They have taken the gable from the roof of clay
On the long swede pile. They have let in the sun
To the white and gold and purple of curled fronds
Unsunned. It is a sight more tender-gorgeous
At the wood-corner where Winter moans and drips
Than when, in the Valley of the Tombs of Kings,
A boy crawls down into a Pharaoh's tomb
And, first of Christian men, beholds the mummy,
God and monkey, chariot and throne and vase,
Blue pottery, alabaster, and gold.
But dreamless long-dead Amen-hotep lies.
This is a dream of Winter, sweet as Spring.
Edna Longley (editor), Edward Thomas: The Annotated Collected Poems (Bloodaxe Books 2008).
"Tender-gorgeous" (line 4) is a wonderful combination. The scene reminds me of another poem by Thomas set in the same time of year, in which Winter also makes an upper-cased appearance.
Over the land freckled with snow half-thawed
The speculating rooks at their nests cawed
And saw from elm-tops, delicate as flower of grass,
What we below could not see, Winter pass.
David Murray, "Swedes" (1905)
I soon discovered that (1) "swede" derives from "Swedish turnip," and (2) a swede is a rutabaga. And then things fell nicely into place: my Minnesota-born, Swedish-descended grandmother always put rutabagas in her vegetable soup, and, strangely enough, they were my favorite part of the soup (not that the rest wasn't delicious -- it was).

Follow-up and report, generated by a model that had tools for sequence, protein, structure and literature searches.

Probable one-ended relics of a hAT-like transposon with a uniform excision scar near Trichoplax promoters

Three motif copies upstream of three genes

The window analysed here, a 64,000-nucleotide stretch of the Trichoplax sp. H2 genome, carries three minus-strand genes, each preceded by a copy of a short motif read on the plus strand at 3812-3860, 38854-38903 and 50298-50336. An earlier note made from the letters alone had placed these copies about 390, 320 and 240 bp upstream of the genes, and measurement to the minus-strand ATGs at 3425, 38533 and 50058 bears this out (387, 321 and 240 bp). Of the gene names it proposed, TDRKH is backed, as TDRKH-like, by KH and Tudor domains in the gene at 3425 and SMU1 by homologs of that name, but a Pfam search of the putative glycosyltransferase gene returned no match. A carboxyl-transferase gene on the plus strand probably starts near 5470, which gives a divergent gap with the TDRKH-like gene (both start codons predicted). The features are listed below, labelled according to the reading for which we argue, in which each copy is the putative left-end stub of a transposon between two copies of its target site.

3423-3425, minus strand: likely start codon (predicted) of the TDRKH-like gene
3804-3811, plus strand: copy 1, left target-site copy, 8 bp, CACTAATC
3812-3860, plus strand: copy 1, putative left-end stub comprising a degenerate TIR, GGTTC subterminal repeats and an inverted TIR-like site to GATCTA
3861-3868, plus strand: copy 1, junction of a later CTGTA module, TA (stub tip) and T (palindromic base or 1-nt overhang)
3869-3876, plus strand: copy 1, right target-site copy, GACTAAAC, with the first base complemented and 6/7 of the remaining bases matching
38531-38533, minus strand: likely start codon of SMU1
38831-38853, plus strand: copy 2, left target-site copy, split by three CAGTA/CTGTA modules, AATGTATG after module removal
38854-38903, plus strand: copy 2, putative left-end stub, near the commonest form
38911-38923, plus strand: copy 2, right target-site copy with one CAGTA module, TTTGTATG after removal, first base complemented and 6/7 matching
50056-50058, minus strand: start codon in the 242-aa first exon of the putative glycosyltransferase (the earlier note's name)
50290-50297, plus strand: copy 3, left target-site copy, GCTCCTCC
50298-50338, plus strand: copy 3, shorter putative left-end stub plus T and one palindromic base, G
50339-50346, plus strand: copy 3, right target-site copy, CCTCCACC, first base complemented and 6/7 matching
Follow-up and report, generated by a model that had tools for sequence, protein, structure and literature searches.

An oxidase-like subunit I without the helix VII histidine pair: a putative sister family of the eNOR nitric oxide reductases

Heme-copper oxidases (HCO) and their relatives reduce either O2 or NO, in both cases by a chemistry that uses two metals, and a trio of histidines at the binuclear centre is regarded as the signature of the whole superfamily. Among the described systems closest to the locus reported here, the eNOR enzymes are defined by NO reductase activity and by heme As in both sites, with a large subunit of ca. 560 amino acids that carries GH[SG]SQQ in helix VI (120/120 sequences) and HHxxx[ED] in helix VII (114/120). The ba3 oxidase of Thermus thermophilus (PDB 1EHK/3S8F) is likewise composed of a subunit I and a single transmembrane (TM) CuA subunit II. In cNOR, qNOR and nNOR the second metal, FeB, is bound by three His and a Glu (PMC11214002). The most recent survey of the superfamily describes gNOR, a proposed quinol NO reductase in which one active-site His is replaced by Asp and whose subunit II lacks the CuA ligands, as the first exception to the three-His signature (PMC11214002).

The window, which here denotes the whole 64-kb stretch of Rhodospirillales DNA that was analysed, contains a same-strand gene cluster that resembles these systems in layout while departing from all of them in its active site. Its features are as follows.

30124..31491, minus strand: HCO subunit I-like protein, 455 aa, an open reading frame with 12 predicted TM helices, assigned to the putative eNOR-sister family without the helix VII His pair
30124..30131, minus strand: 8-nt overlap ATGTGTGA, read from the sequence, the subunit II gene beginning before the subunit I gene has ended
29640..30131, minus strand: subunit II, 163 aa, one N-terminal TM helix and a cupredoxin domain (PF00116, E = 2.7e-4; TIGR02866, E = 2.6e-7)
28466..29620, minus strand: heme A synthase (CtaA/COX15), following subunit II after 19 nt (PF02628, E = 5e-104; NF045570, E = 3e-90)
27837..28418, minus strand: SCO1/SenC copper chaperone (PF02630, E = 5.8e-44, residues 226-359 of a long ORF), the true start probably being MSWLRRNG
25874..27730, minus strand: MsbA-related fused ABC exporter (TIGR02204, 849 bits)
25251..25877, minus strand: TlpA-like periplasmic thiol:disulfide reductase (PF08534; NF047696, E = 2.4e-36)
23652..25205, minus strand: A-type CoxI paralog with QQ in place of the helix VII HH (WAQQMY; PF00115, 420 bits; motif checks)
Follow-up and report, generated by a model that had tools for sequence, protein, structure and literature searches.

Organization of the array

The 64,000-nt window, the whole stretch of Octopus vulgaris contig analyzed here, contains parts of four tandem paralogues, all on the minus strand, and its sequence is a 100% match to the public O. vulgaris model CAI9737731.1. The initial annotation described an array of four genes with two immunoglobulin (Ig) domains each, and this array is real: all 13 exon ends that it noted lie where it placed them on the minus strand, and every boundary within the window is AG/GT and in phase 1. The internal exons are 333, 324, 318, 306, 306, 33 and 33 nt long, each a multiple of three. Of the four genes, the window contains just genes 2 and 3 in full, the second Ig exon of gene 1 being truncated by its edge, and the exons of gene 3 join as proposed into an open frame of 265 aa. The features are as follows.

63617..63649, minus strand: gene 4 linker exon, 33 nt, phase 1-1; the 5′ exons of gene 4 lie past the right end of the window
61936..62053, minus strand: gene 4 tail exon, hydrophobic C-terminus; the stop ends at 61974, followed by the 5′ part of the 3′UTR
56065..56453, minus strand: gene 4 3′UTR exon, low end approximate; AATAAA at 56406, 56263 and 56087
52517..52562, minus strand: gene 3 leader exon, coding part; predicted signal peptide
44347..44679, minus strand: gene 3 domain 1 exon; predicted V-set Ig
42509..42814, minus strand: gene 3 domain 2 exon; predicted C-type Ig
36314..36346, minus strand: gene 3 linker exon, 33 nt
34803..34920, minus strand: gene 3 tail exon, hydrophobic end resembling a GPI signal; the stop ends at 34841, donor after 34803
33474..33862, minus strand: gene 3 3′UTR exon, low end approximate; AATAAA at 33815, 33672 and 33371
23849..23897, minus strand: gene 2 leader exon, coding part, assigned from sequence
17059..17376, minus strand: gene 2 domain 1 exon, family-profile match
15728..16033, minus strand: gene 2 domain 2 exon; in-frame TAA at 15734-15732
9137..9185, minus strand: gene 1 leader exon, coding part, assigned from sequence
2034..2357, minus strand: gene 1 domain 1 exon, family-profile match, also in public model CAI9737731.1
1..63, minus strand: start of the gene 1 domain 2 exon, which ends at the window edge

Since that time, I have become a connoisseur of swede poems. Subsequently, I came upon this.
Who can tell his years, for the winds have stretched
So tight the skin on the bare racks of bone
That his face is smooth, inscrutable as stone?
And when he wades in the brown bilge of earth
Hour by hour, or stoops to pull
The reluctant swedes, who can read the look
In the colourless eyes, as his back comes straight
Like an old tree lightened of the snow's weight?
Is there love there, or hope, or any thought
For the frail form broken beneath his tread,
And the sweet pregnancy that yields his bread?
R. S. Thomas, The Stones of the Field (1946).
John Gilbert Donley, "A Field of Swedes" (c. 1930)
Later, I discovered this poem by Andrew Young.
Three that are one since time began,
Horse, cart and man,
Lurch down the lane patched with loose stones;
Swedes in the cart heaped smooth and round
Like skulls that from the ground
The man has dug without the bones
Leave me in doubt
Whether the swedes with gold shoots sprout
Or with fresh fancies bursts each old bald sconce.
Andrew Young, Collected Poems (Rupert Hart-Davis 1960).
Young is a closely-observant and painstakingly accurate "nature poet." However, part of the charm of his poetry is that he often comes up with the sort of startling image that appears in the final line of the poem. I am reminded of "The Shepherd's Hut," which is about laundry flapping in the wind on a clothes-line. It ends with these lines about the shepherd's wife: "She little knows/That ghosts are trying on her children's clothes." Very nice, I think.
Alfred Parsons (1847-1920), "The Swede Harvest"